New skill helps Kenyan man find love


Otieno Abala has a physical disability, due to having polio as a child. He used to scrape together a living as a cobbler.

Three years ago he was a batchelor. On a Practical Action project he learnt how to install improved stoves which were more fuel efficient, and healthier as they produce less smoke. Now he could earn more money Otieno realised that he would be able to save enough for the all-important dowry.  In Kenyan culture this is important as it shows that a man has sufficient income to keep a wife.  Now he is happily married to Caroline.

Otieno surprised trainers by learning all the skills required in a day. “The training takes nine days, but to my astonishment, he learnt the entire course in a day,” says Ms Herine Kawaka, the programme leader.

“I usually made about Sh300 (£2.50) per day as a cobbler,” says Otieno. But my life is changing due to the new skills. I am now better placed to earn more,” he beams. “Due to poverty, I was not able to gain formal education. This limited the jobs I could secure or business I could venture into.”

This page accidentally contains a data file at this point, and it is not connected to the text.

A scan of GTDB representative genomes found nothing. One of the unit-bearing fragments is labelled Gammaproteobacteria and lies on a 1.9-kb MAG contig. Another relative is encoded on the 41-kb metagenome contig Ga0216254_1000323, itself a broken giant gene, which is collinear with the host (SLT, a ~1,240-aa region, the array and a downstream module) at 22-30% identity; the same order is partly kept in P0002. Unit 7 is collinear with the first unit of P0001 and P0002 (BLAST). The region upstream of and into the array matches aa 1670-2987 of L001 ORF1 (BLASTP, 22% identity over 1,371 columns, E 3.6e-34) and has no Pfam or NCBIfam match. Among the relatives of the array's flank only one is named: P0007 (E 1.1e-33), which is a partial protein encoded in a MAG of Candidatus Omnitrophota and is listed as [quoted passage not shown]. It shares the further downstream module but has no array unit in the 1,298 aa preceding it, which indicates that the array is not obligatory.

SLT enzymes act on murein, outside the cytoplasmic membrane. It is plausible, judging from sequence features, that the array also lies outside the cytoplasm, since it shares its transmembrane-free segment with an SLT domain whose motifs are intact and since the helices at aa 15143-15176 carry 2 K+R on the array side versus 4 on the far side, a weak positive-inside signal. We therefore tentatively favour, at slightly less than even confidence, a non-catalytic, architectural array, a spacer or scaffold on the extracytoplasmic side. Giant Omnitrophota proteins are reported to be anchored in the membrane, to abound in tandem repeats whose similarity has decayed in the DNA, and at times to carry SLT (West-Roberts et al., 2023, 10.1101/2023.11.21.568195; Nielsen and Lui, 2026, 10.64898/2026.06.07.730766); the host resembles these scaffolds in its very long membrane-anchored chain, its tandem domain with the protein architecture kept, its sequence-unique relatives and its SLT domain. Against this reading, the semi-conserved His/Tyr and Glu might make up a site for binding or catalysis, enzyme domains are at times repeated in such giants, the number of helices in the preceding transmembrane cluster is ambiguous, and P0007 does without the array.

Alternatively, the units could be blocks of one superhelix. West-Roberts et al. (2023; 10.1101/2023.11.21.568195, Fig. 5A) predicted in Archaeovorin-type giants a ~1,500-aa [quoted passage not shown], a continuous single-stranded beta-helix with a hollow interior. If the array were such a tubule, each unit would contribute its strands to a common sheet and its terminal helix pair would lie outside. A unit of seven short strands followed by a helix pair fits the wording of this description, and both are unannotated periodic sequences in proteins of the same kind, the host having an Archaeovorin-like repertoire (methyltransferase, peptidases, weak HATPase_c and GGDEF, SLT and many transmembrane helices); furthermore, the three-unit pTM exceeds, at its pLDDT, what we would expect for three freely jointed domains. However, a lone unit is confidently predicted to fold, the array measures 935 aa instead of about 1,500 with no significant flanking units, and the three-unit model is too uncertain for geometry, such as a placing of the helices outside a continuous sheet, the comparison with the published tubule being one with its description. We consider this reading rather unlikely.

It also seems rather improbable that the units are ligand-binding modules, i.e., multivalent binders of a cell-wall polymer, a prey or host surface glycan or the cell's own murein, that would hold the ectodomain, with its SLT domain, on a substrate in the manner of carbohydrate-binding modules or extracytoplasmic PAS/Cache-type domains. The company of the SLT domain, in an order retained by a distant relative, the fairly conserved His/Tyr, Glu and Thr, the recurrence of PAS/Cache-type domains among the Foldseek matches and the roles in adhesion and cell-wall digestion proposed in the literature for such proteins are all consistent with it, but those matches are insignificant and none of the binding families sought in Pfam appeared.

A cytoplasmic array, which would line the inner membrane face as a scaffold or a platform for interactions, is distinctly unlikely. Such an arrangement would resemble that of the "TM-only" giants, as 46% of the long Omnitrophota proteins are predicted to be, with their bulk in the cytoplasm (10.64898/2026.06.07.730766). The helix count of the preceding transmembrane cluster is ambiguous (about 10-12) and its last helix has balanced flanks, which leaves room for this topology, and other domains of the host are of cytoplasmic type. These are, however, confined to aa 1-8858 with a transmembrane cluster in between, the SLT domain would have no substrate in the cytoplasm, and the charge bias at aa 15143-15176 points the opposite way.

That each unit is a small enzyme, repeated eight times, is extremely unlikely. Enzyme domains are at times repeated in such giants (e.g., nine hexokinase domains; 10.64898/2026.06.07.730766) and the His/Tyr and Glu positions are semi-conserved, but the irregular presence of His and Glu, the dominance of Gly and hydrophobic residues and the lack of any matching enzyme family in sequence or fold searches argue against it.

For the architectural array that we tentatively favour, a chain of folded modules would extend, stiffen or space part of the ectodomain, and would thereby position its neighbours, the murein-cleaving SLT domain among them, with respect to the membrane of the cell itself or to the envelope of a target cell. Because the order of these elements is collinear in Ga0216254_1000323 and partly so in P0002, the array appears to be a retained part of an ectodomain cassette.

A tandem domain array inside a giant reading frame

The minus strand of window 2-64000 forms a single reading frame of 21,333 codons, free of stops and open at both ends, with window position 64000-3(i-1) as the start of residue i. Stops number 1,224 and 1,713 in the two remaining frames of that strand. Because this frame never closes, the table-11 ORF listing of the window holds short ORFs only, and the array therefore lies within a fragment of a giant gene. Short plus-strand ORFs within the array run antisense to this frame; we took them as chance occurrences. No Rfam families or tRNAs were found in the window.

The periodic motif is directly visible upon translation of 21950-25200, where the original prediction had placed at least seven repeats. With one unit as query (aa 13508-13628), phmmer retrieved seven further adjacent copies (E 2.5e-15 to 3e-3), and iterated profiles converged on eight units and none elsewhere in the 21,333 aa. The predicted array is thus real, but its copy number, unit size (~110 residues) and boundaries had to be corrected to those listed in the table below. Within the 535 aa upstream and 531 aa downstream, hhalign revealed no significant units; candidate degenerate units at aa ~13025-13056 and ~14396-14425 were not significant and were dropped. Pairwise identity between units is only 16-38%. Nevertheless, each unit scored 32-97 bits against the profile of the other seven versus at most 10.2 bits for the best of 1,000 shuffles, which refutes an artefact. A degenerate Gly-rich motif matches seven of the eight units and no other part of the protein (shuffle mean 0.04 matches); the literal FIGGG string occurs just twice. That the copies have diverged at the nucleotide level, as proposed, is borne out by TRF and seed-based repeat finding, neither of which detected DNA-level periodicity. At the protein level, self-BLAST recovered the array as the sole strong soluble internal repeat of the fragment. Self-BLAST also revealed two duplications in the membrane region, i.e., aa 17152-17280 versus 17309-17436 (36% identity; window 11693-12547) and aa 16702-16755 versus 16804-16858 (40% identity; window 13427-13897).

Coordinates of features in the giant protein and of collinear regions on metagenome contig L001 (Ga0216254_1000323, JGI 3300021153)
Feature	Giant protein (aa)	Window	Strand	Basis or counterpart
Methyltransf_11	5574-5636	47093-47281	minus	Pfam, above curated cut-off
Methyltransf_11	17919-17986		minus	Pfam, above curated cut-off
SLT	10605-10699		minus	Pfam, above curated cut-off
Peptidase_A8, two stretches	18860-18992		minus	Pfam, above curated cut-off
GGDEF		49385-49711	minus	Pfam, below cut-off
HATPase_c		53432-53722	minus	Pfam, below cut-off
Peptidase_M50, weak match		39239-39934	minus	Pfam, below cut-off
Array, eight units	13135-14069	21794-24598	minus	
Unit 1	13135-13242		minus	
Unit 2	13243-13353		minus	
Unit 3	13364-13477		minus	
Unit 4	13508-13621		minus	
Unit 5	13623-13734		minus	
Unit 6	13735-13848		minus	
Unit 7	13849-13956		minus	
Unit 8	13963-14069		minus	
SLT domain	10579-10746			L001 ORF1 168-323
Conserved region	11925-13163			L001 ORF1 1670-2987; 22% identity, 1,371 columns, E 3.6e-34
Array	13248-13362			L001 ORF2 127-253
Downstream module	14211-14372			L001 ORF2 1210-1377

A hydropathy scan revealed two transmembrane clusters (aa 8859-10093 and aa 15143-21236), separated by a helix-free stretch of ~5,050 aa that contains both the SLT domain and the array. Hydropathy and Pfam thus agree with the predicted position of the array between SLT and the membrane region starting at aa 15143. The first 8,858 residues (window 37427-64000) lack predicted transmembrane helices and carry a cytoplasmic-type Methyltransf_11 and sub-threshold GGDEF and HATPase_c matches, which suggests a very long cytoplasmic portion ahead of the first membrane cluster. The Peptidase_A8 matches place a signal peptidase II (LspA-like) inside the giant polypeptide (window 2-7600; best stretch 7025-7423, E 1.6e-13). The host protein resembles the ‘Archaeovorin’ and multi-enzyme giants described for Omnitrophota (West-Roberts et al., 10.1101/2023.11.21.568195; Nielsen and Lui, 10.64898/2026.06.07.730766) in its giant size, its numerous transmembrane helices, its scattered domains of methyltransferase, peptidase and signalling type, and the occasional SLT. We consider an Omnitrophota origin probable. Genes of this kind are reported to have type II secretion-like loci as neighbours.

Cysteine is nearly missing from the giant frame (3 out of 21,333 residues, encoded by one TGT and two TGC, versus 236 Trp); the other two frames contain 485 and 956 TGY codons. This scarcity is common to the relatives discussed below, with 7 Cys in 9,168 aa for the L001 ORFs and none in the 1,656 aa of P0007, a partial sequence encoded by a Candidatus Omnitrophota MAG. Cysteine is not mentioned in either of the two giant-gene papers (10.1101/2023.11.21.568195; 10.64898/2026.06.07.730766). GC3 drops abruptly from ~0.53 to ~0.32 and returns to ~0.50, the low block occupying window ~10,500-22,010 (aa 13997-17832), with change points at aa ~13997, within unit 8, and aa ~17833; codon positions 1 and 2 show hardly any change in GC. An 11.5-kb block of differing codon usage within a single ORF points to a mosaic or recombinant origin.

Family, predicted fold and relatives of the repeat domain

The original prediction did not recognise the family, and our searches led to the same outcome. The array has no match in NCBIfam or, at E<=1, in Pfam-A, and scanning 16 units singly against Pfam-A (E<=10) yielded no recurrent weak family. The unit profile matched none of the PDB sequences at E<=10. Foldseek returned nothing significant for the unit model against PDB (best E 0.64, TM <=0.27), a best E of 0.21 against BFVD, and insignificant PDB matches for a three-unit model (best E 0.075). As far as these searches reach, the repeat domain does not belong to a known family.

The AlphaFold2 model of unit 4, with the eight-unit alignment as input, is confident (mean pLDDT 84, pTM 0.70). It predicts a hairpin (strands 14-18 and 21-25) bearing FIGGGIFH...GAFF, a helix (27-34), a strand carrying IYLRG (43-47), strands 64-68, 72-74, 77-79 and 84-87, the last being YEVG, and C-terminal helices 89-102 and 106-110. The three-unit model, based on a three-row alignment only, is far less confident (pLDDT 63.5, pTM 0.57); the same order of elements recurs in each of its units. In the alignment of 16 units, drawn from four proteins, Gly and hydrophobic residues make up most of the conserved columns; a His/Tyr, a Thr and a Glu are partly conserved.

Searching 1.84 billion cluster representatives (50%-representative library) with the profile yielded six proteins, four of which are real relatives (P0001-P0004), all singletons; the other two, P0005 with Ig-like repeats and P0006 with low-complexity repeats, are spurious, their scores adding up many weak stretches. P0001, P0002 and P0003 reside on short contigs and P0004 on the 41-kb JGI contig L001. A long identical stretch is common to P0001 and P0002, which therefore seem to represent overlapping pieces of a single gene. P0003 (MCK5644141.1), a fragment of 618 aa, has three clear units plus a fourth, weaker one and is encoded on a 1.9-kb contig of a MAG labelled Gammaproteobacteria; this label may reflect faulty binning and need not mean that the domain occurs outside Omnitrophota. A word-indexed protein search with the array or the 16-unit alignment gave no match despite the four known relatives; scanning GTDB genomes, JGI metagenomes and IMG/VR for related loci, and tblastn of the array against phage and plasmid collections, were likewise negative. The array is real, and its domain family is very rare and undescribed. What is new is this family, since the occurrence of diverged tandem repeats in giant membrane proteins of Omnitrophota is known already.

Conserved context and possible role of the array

He says physically-challenged people become dependent on other people because they cannot get education or buy aids like wheelchairs: “If I had a wheelchair in my childhood, perhaps I would have become even a teacher.”

Otieno is determined to get ahead in spite of a lack of formal education. Already, he has spent the money earned from the project to pay a dowry.

A new wife

His new wife Caroline says he is caring and hard-working. Otieno says the new business pays for all his daily needs, reducing dependence on his parents and six siblings. But he faces a number of challenges.

“Last week, I went to fix a jiko (improvised stove) in Ng’iya market, three kilometres from here. By the end of the day, I was very tired,” he says. “On some days, I get many orders. Potential clients get disappointed when I fail to turn up to install their jiko on time.”

A client, Margaret Achieng, says Otieno fixed hers a month ago: “He did the work within 30 minutes and assured me the jiko would function well. Indeed it has.”

A typical day

On a typical day, Otieno wakes up at 6am and hits the road to whichever homestead needs his skills first. “I call it a day at around 6pm. I then spend some time with my wife before going to bed at 10pm.” Otieno says most physically challenged people suffer as a result of lack of funds to support them.





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